I'm fairly relieved to report that the last week has been fairly normal and without major incident. Still spotting a bit every day (and I wish I wouldn't), but I've come to expect that this is my status quo. A week from today, I'll go in for my next appointment with Donna the Midwife, full of various questions about why and how. I'm not expecting many answers, but hopefully the exam and ultrasound will show that our Kumquat (another upgrade -- and none too soon; we couldn't really relate to "grape") is cruising along as expected.
I've also gotten my butt off the couch and out the scary front door, starting daily 30 minute walks and some arm weight exercises. I'm still inexplicably terrified to stray too far, even if I'm carrying my cell phone and know The Brit is no more than a five minute drive away.
It doesn't help that incidents seem to happen when I leave my neighborhood. Just last week, I went to my monthly book club dinner (a much-needed night out) and had a small bleedthrough. Very minor in the grand scheme, but enough to make me wonder "Should I go home right now? But I can't, because I caught a ride with J. and no one knows the news..." I kept my mouth shut and did my best to ignore the situation until I got home. Of course, by the time I did, everything was fine. Tonight, I'm going even further afield (and, yet again, catching a ride with a friend) and the anticipation has my stomach in knots.
I really want to be one of the women who embrace pregnancy for the unique, mindblowing experience it is. I want to trust my body, even in the difficult moments. But right now, I feel like such a prisoner of forces beyond my control. And the lack of explanations or root causes is not helping. Even my sleeping position is dictated by The Right Thing To Do -- preferably left side...and not on your back! Heaven forfend!
I'm told to just hang in there until 2nd trimester, when all is rosy and amazing. I sure hope that is my experience, too. And I hope this "glow" and "incredible, thick hair" thing kicks in too. It's the least I should expect in exchange for the nonsense, isn't it?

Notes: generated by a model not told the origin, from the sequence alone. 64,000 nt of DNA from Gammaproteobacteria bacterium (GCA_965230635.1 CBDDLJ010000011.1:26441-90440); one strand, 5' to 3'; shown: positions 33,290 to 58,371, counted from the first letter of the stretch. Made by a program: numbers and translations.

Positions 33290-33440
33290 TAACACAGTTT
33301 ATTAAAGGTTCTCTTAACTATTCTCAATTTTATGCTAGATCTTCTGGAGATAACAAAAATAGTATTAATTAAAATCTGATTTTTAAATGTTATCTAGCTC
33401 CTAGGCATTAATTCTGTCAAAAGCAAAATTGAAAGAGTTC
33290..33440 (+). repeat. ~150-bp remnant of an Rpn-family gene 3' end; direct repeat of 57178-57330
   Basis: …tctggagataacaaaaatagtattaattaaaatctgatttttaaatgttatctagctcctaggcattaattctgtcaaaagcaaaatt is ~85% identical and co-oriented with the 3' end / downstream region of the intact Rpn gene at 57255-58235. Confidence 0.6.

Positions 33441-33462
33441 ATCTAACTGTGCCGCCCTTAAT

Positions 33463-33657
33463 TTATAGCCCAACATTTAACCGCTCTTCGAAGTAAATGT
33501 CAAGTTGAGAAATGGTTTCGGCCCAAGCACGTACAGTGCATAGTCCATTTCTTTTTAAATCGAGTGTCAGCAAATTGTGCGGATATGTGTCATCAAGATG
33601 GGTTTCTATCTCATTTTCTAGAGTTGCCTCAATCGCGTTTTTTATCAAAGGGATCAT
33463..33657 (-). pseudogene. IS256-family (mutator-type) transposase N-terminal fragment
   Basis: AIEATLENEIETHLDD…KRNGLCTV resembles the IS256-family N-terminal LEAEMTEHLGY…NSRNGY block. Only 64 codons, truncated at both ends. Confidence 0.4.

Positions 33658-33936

Wednesday, November 2, 2011
Did you know that "pregnancy" is the most searched health term on the Internet? If you find yourself with a Pumpkin Seed under the broiler and have access to a computer, you sure do.
As I did with my wedding, I am doing my damnedest during pregnancy to stay OFF of mailing lists. I also found out early on that most forums and online communities are not helpful -- and, in fact, filled with misinformation and paranoia. And I wonder why medical professionals won't talk to women in a calm, logical way...
That said, I did subscribe to one weekly e-mail service, recommended by a good friend. They send me an informative update every Wednesday, telling me what's happening aboard the Good Ship Uterus. Of course, on the side of this e-mail are ads from their sponsors and links to other articles and activities, but they're generally not obtrusive.
Until I spied a whopper today.
For "This Week's Activity," a clinical psychologist focusing on pregnancy and postpartum adjustment recommends that "...women set aside two 5-10 minute periods a day to think about their baby. Sit quietly and gently rest your hands on your belly. Focus your breathing and start thinking about your baby -- your hopes, dreams, intentions as a parent, etc. It's a great way to initiate the bonding process!"
Where, oh where to begin.
I don't know about other moms-to-be, but I can't think of a moment of any waking day when I'm NOT already thinking about this kid. Work is a welcome respite because it forces my brain to do something else. I know what sort of parent I hope to be (by age 38, I sure as hell hope I do), but I also know it will mostly fly out the window once reality sets in. And does this kid really need MY "hopes and dreams" pushed onto it from fetushood? Therapy is expensive...let's give him or her a bit of fighting chance, shall we?
Here's an idea, Ms. Clinical Psychologist: How about two 5-10 minute sessions a day where you specifically DO NOT focus on the baby? Where you read a good book or enjoy a snack or kiss your partner or sing Journey songs into a spoon or have a dumb conversation with the cat? What if all parents took this advice to heart and carved out said time in their day-to-day, even after the baby arrives? Wouldn't we all feel more calm, more taken care of, and ultimately better equipped to take care of those around us?
But hey. At least I also found out the Pumpkin Seed is now a Grape. The Brit asked if it was a seedless grape. I raised an eyebrow and asked, "What do you think?" Luckily (and this is why I married him), he laughed.